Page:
Most states require wills to be physical documents that are written, signed, and witnessed. However, with the availability of technology, videotaped wills are becoming increasingly popular. In a video will, the will maker, who is also called the testator, usually reads her will out loud before a video camera.

Are Video Wills Valid?

A video will, by itself, is not a valid substitute for a written will. The video maker should supply a written copy of their wishes that meet the state's requirements for a valid will. This may be easy to do since the testator is reading a will out loud, meaning that a written copy exists. As long as the written copy meets the state's requirements, the video and written will can be used jointly to protect the will's validity.


Even though this type of will may not be seen as a proper substitute for a written will, the video will can still serve a valuable purpose on its own. A video will can be used as evidence that the testator was of sound mind and competent at the time that the will was created. Such evidence can be used to to deter possible will contests.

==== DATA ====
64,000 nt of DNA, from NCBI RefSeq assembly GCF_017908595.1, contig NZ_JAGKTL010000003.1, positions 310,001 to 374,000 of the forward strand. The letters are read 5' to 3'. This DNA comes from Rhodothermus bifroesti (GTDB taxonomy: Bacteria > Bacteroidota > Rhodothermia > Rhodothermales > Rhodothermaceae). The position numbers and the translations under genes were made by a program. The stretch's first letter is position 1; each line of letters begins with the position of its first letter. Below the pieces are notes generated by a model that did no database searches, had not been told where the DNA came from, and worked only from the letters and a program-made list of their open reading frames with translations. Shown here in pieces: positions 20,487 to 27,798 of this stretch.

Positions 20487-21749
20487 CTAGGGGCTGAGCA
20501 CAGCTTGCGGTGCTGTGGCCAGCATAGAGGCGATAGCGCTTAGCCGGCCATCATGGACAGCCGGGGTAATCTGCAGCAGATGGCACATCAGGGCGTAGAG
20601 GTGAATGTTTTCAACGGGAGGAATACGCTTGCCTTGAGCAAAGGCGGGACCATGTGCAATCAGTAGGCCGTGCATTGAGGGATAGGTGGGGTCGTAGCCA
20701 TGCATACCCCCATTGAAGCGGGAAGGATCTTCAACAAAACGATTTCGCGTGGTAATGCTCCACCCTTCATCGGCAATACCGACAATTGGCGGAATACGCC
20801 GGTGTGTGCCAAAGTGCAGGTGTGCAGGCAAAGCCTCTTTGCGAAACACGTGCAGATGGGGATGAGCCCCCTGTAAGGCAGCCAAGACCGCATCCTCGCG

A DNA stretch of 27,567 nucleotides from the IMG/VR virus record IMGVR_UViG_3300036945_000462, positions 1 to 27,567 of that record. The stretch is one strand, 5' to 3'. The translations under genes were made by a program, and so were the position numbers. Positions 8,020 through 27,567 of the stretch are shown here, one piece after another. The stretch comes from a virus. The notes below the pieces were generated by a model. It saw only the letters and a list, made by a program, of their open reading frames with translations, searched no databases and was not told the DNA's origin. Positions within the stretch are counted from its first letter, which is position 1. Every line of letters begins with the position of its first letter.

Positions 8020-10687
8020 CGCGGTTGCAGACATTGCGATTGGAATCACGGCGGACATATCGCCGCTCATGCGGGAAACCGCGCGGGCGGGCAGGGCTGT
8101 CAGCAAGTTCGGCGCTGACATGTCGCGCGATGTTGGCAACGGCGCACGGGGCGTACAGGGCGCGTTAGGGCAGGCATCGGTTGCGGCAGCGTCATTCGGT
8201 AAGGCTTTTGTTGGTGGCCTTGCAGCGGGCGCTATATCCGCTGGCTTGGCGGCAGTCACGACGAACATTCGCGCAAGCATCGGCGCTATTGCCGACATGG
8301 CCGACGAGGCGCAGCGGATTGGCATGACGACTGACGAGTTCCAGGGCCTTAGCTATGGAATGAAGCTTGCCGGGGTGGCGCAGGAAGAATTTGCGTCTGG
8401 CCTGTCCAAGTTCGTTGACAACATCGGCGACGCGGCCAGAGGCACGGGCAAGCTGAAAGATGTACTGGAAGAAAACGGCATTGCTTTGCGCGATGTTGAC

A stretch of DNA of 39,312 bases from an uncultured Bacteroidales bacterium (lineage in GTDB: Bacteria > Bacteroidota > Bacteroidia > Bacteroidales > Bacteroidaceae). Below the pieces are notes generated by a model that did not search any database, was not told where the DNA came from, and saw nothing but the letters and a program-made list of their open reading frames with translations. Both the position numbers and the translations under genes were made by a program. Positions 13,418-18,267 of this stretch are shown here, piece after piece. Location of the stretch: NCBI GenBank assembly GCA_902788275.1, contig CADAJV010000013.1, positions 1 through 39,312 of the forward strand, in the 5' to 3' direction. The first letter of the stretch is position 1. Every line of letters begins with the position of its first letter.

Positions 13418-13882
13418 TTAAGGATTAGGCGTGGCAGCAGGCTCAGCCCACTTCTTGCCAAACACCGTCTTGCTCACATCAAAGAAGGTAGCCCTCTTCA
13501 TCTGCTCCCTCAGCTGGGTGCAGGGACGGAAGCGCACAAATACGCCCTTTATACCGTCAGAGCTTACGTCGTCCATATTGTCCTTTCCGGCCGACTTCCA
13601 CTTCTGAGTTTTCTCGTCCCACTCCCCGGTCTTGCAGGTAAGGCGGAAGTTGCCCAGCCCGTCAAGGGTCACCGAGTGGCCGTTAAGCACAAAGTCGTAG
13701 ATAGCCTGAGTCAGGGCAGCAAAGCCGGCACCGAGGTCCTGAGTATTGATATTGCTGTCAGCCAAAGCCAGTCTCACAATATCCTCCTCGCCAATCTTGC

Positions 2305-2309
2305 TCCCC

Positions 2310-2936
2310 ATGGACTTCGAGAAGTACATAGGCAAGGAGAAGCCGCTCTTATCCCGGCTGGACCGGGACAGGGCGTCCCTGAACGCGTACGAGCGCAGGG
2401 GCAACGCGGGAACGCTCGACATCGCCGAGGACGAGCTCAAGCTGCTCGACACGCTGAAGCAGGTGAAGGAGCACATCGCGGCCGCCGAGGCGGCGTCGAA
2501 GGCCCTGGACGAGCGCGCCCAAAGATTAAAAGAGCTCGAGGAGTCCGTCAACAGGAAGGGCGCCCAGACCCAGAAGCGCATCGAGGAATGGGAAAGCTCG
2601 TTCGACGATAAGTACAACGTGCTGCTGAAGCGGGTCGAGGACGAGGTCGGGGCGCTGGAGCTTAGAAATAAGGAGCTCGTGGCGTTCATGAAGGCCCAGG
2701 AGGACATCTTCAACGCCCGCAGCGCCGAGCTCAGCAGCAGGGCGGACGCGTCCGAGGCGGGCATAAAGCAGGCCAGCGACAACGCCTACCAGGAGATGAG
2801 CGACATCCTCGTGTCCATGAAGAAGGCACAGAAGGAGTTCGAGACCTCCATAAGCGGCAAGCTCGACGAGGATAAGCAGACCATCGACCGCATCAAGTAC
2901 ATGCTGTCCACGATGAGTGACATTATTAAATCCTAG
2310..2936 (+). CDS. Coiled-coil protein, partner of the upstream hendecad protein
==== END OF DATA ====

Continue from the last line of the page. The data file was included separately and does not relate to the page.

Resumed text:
Do I Need to Contact a Lawyer to Produce My Video Will?

While producing a video will is a helpful and creative tool in the estate planning process, the video alone is not enough to ensure the distribution of your estate according to your wishes. An estate lawyer can help you draft a written will that meets your state's will requirements, to fully execute your wishes. Plus, many estate lawyers have video rooms in which you can record your will and allow you to contact loved ones from beyond the grave.